Another IAGenWeb Project
EARLY WESTERN TOWNS AND THEIR CHARACTER
In the early settlement of the Great West every state had its quota of land speculators, whose principal object seems to have been the laying out of towns, with out the slightest regard to the geographical importance of the site or its possible future commercial advantages. The great aim of these speculators was to sell lots to new immigrants.
An early Iowa writer (Haskins Taylor), in the "Annals of Iowa says:
Quote: "Everybody we met had a town plot, and every man that had a town had a map of the county marked to suit his town as the county seat".
Many of these Iowa towns were advertised throughout the East in a manner that did not reflect much credit upon the veracity of the advertisers. The proprietors of some of these towns along the Des Moines River, sent out circulars showing a picture of the town, with a row of three-story or four-story buildings along the river front, large side-wheel steamers lying at the landing, etc.; when the truth of the matter was that only occasionally a steamer of very light draft draft was able to navigate the Des Moines and the town consisted perhaps, of half a dozen small cabins. A few Iowa towns, by some fortunate circumstance, such as the location of the county seat, the development of a water power or building of a railroad, have grown into considerable commercial centers. Others have continued to exist, but have never grown beyond the importance of a neighborhood trading point, a small railroad station, or a post office for a moderate sized district. And some have disappeared from the map altogether.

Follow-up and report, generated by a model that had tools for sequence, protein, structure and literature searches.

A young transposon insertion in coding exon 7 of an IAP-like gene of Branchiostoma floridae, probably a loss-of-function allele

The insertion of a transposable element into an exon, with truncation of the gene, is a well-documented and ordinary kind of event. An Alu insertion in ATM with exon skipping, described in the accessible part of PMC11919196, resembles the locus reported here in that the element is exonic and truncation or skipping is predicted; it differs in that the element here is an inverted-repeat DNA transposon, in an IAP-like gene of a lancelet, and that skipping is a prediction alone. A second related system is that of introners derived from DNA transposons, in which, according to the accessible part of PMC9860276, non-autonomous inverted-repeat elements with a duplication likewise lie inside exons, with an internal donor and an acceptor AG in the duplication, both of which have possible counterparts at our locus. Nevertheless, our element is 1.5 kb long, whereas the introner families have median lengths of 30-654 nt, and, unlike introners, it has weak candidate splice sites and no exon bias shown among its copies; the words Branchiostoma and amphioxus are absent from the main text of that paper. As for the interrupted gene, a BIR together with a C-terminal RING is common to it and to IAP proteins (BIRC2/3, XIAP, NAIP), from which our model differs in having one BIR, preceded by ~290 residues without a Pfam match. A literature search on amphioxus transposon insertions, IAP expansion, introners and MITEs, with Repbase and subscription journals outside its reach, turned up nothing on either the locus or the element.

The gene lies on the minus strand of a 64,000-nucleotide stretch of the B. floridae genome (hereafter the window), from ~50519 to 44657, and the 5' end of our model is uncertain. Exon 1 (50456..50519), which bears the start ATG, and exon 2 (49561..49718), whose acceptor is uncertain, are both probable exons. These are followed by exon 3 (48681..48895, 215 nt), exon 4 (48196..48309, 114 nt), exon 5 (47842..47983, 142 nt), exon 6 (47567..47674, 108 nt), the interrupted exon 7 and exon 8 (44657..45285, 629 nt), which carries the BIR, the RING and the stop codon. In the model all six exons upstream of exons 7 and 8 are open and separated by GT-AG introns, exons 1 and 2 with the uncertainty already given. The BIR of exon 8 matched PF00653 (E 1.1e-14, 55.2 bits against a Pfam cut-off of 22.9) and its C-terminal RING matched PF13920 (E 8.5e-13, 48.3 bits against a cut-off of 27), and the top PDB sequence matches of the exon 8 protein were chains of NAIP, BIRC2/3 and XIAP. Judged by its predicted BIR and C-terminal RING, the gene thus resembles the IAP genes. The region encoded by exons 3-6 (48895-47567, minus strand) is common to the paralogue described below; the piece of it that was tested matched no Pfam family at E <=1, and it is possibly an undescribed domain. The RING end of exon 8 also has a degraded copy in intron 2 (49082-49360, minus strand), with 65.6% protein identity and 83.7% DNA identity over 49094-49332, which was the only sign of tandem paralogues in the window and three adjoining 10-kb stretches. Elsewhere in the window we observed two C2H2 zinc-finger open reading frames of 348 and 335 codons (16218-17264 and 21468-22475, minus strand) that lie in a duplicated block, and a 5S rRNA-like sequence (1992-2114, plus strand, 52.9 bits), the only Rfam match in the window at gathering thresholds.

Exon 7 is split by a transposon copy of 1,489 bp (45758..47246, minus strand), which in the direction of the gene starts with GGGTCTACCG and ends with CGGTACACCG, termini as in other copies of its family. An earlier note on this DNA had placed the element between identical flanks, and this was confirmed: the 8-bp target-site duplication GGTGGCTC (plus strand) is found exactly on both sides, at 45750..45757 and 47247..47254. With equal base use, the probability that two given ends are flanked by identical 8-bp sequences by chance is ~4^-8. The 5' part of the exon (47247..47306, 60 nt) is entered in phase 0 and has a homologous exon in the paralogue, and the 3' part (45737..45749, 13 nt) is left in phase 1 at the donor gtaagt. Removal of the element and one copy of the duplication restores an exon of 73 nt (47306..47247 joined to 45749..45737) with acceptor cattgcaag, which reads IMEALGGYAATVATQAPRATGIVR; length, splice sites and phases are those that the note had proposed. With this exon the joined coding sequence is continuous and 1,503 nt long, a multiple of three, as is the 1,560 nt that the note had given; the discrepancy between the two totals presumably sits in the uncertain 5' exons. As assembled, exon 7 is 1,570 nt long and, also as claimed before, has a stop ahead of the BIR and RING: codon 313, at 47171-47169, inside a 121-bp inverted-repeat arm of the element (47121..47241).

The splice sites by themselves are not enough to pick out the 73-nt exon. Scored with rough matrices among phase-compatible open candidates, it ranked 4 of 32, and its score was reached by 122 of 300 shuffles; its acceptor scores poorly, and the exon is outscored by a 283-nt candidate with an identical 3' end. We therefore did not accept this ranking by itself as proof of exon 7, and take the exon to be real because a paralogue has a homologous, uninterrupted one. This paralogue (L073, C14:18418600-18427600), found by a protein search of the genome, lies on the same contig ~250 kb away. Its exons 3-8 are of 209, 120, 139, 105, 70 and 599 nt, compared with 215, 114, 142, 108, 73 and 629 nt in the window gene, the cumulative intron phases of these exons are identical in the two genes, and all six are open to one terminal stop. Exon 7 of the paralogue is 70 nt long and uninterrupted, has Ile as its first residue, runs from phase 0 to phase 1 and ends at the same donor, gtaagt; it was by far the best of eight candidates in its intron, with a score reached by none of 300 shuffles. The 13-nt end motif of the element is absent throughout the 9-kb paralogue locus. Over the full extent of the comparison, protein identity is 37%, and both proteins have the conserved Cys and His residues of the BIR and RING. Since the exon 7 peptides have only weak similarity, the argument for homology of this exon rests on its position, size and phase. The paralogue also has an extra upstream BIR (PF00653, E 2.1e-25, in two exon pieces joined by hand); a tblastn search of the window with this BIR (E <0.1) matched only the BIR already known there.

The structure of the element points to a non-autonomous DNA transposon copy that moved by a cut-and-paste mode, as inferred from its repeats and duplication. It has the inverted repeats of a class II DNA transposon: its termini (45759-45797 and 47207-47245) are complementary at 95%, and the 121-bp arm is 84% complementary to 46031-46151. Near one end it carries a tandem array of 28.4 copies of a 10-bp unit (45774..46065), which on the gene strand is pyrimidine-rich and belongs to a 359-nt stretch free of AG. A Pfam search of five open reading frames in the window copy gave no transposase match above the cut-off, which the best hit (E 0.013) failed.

Ref: History of Chickasaw and Howard Counties, (1919) Vol. 1, Part One, Chapter 5, Pages Edited and Transcribed by Lookup Person, Leonard Granger